Rainbow lorikeet deaths in Melbourne

Over the last few months, wild rainbow lorikeets (Trichoglossus haematodus) have been found dead or sick in the eastern and north-eastern suburbs of Melbourne in a band from Reservoir to Glen Waverly.

According to the Victorian Department of Primary Industries, at one site, over 32 deaths were recorded. Sick birds have shown signs including diarrhoea, vomiting, regurgitation, and lethargy.

Birds have tested negative for diseases including avian influenza, Newcastle disease, avian paramyxovirus, salmonellosis and psittacosis, and investigations are ongoing.

The department notes that the most likely cause is necrotic enteritis, resulting from overgrowth of Clostridium perfringens in the bowel, resulting from hand and supplementary feeding.

As the disease is spread through droppings from sick birds, it can easily be passed onto healthy birds congregated at feeding sites. Feeding of wild lorikeets is therefore not recommended as it can be a danger to their health and there is a plentiful supply of their usual diet of flowering plants and insects.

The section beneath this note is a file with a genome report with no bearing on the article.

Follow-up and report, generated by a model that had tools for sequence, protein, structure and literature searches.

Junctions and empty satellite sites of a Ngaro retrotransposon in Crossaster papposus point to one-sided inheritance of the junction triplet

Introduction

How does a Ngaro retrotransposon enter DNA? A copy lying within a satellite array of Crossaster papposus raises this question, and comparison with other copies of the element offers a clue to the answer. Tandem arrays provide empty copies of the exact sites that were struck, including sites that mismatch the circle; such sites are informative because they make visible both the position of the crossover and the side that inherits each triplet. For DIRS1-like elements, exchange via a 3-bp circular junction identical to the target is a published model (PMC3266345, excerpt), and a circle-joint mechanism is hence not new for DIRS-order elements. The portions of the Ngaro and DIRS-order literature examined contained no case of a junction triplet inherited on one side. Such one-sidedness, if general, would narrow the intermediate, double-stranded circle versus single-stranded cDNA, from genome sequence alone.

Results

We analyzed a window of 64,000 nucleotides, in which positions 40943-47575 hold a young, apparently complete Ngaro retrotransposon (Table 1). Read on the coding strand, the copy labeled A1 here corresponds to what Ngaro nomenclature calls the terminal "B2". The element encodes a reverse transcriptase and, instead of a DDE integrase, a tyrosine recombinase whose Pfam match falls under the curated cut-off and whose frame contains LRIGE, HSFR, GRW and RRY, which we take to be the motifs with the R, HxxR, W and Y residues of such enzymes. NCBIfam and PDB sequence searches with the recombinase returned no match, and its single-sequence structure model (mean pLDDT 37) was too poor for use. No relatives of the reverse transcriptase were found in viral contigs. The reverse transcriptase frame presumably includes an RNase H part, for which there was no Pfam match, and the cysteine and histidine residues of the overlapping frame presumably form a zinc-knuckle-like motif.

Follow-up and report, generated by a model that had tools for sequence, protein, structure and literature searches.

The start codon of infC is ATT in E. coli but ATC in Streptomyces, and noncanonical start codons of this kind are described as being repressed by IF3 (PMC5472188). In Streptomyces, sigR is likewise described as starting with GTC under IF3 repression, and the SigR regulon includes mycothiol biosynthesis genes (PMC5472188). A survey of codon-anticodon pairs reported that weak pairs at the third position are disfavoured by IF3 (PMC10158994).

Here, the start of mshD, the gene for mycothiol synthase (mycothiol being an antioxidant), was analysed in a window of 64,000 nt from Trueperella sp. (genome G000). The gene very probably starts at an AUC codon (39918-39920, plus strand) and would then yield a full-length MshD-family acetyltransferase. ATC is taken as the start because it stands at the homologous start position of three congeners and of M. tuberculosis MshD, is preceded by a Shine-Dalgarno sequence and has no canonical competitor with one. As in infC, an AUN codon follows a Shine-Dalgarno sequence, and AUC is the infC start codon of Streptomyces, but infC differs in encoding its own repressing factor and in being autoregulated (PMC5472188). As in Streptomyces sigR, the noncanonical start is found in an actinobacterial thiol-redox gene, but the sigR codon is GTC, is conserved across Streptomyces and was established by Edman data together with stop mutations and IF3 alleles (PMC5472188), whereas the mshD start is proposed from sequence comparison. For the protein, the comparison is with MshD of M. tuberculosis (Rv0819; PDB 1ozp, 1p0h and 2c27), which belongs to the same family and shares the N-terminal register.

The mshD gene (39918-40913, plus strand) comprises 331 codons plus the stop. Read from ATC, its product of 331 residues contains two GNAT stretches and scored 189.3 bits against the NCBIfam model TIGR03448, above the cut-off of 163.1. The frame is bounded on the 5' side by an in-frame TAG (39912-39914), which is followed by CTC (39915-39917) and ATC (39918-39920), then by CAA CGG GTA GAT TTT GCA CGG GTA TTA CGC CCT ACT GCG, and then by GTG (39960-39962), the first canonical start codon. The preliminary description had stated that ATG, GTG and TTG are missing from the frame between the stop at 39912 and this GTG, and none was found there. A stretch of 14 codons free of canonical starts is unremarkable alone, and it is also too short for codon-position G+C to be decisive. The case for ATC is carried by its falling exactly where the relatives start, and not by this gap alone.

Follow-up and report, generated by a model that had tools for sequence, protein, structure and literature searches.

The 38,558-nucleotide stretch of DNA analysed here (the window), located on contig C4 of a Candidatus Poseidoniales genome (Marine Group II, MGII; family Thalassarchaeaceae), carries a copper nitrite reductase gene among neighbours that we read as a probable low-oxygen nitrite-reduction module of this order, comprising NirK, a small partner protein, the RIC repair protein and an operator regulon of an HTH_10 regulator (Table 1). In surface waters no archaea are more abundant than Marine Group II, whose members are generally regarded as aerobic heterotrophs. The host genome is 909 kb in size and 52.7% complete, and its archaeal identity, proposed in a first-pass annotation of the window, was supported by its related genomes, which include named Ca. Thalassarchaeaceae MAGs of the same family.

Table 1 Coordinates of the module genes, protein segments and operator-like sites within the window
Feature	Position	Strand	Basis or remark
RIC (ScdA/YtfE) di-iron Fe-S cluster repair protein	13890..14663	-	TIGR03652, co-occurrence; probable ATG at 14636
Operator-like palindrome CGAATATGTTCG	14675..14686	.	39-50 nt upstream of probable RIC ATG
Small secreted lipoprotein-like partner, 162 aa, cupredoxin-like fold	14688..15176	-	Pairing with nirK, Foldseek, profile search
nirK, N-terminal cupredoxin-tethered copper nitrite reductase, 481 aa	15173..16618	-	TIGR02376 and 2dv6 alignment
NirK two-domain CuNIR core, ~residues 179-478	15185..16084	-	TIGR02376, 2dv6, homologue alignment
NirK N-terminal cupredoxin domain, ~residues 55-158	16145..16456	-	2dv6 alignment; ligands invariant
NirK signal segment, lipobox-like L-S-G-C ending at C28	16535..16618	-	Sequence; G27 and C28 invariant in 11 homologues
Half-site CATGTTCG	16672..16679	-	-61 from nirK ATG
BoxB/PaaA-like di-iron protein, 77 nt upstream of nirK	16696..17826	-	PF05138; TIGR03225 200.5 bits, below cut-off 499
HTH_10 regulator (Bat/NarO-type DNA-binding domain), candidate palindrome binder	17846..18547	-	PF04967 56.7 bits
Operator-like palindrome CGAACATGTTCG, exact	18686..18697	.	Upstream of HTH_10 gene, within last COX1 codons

As any sick or dead birds can potentially be a health risk to people, the department recommends that dead birds can be collected by using a plastic bag as a glove, and wrapping the bag around the bird without touching it. They should be double bagged and then placed in the domestic rubbish. Dead birds should not be buried as dogs or cats may dig them up.

For more information or to report dead or sick rainbow lorikeets contact Wildlife Health Surveillance Victoria, by email pamw@unimelb.edu.au or on 0400 119 301.

Anne Jackson
Editor in Chief

This story appears in the June 2012 issue of the Australian Veterinary Journal

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